Digital Health
Contracts Law Blog

As the Digital Health Contracts Law Blog recently advised you, the FTC has just filed a complaint against a software company over its “Annual Paid Monthly” subscription contract. The FTC has separately also sought the expansion of its “Negative Option Rule” to amend the provisions to specifically apply to subscriptions by adding a “Click to […]

The FTC has just signaled to all consumer-facing companies relying on a subscription model that their subscription contracting practices are under scrutiny, so digital health companies need to know and understand the FTC’s claims and concerns about some subscription contracts.  In particular, the FTC has filed suit against Adobe over its Annual Paid Monthly subscription […]

The Prinz Law Office is pleased to announce the launch of a new subscription plan, which is intended to simplify the process of working with a lawyer for companies as well as individuals.  The firm’s subscription plans have been been designed to uniquely enable clients to hire and communicate with counsel without the fear or […]

I often find that many digital health companies are unfamiliar with the concept of a service level agreement and have no idea when they might need one. A “service level agreement” or “SLA” is a technical agreement that defines that parties’ expectations of the level of service that will be provided in a particular service […]

Is your digital health software company signing customers to contracts that are based on the appropriate technology contracting model? In digital health contracts (as in software contracts generally), perhaps the single most common issue that gets confused is the difference between a software license and a software-as-a-service agreement.  But the concepts are very different.  In […]

In my experience, the first sign of a poorly drafted digital health contract is that contract completely confuses the software licensing and SaaS technology models, so that it’s extremely unclear as to what kind of product that the software provider is actually selling. If the product is a software license, the contract should contain a […]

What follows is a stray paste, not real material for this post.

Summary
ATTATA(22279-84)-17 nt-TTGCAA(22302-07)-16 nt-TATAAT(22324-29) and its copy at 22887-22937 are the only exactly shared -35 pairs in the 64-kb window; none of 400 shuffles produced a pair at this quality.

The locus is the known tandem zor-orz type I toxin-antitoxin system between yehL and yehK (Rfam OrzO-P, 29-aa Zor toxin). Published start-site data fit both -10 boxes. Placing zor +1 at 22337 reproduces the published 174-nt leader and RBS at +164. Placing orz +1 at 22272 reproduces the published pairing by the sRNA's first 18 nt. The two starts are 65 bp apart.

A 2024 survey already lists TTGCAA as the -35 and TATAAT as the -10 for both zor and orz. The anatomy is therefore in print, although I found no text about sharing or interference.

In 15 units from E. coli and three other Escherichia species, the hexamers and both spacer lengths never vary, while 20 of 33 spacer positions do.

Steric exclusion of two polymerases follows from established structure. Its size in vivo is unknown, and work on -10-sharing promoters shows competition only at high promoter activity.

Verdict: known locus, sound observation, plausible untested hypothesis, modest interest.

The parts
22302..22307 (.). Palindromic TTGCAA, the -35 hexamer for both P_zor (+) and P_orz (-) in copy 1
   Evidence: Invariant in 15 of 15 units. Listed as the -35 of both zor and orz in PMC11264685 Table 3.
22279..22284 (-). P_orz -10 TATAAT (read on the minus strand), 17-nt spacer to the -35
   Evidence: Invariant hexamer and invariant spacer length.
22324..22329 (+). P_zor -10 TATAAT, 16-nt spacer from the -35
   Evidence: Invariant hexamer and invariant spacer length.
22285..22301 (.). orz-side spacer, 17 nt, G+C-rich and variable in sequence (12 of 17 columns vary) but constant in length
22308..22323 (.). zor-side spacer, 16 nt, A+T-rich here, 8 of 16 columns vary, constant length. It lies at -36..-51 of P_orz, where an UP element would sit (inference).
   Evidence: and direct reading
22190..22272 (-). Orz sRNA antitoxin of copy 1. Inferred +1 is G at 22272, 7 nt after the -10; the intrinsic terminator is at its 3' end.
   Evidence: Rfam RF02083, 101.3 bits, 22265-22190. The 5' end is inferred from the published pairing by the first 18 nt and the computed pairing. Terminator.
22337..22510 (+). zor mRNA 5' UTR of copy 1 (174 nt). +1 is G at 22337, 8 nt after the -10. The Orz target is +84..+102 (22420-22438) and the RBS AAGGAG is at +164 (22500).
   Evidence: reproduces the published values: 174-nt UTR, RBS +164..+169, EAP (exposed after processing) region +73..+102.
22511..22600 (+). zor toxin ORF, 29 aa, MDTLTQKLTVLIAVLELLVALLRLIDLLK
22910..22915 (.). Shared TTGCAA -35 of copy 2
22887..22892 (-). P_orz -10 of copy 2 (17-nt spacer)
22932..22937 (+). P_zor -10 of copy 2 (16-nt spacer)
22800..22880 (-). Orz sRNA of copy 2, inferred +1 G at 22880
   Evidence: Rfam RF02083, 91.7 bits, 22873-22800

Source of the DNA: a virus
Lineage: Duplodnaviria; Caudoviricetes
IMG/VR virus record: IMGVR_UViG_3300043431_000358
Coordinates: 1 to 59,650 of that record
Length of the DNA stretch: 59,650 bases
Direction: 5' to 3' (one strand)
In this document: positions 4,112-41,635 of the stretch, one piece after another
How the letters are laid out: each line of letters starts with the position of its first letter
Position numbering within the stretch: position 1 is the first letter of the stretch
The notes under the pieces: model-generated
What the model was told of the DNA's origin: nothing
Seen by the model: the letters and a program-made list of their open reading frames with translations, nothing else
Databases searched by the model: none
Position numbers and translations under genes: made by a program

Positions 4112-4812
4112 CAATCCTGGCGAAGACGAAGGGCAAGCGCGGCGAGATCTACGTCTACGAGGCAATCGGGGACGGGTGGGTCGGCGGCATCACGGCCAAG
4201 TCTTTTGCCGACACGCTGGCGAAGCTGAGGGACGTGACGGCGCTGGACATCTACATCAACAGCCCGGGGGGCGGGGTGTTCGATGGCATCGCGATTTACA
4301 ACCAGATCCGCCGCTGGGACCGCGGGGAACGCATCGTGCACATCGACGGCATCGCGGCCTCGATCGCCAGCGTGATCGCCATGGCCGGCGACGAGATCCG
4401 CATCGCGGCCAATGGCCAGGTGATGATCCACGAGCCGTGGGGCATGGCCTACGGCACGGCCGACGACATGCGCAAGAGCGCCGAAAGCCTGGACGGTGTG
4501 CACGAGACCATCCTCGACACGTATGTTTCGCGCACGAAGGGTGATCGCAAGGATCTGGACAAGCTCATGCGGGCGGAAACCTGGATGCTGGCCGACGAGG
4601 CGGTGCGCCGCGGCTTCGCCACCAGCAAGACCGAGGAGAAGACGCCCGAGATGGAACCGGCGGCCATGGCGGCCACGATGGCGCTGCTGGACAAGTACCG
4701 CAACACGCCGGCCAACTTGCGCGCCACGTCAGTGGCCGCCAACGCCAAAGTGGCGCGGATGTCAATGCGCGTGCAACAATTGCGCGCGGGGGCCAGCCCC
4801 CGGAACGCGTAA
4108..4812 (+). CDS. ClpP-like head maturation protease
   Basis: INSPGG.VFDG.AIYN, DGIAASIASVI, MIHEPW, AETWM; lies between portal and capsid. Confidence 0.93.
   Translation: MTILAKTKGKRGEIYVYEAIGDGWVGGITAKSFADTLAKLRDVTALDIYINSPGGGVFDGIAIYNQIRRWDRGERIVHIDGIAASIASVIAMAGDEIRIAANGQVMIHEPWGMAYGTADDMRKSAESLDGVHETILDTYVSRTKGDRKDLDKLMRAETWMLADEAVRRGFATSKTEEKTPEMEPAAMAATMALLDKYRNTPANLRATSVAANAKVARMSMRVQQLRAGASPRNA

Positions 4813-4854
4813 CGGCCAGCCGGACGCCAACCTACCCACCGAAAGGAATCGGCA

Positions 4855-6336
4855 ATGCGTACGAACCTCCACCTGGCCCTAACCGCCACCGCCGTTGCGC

If your digital health company is like most companies these days, you likely set up a software interface and train your customers on how to use the product at the very beginning of the relationship.  You probably even charge some sort of fee for these initial services that you provide.  And the set-up process may […]

What are the key mistakes companies make when negotiating digital health software contracts? First and foremost, the most common mistake I run into negotiations is that companies often end up negotiating with the wrong contract as the starting point.  For example, the parties may negotiate from a software license template when they need a SaaS […]

When a client sends me a digital health software agreement to review or update, I always make a priority of reviewing any terms in the contract involving fees and then carefully reviewing the website and any marketing materials or fee schedules to confirm that the fee terms in the contract clearly match the fees listed […]

I was recently asked by a client whether arbitration or litigation was “better.”  The issue had been raised by an attorney on the other side of the contract, who had not only tried to persuade my client to revise the specific clause in that case, but had also provided my client the unsolicited advice that […]

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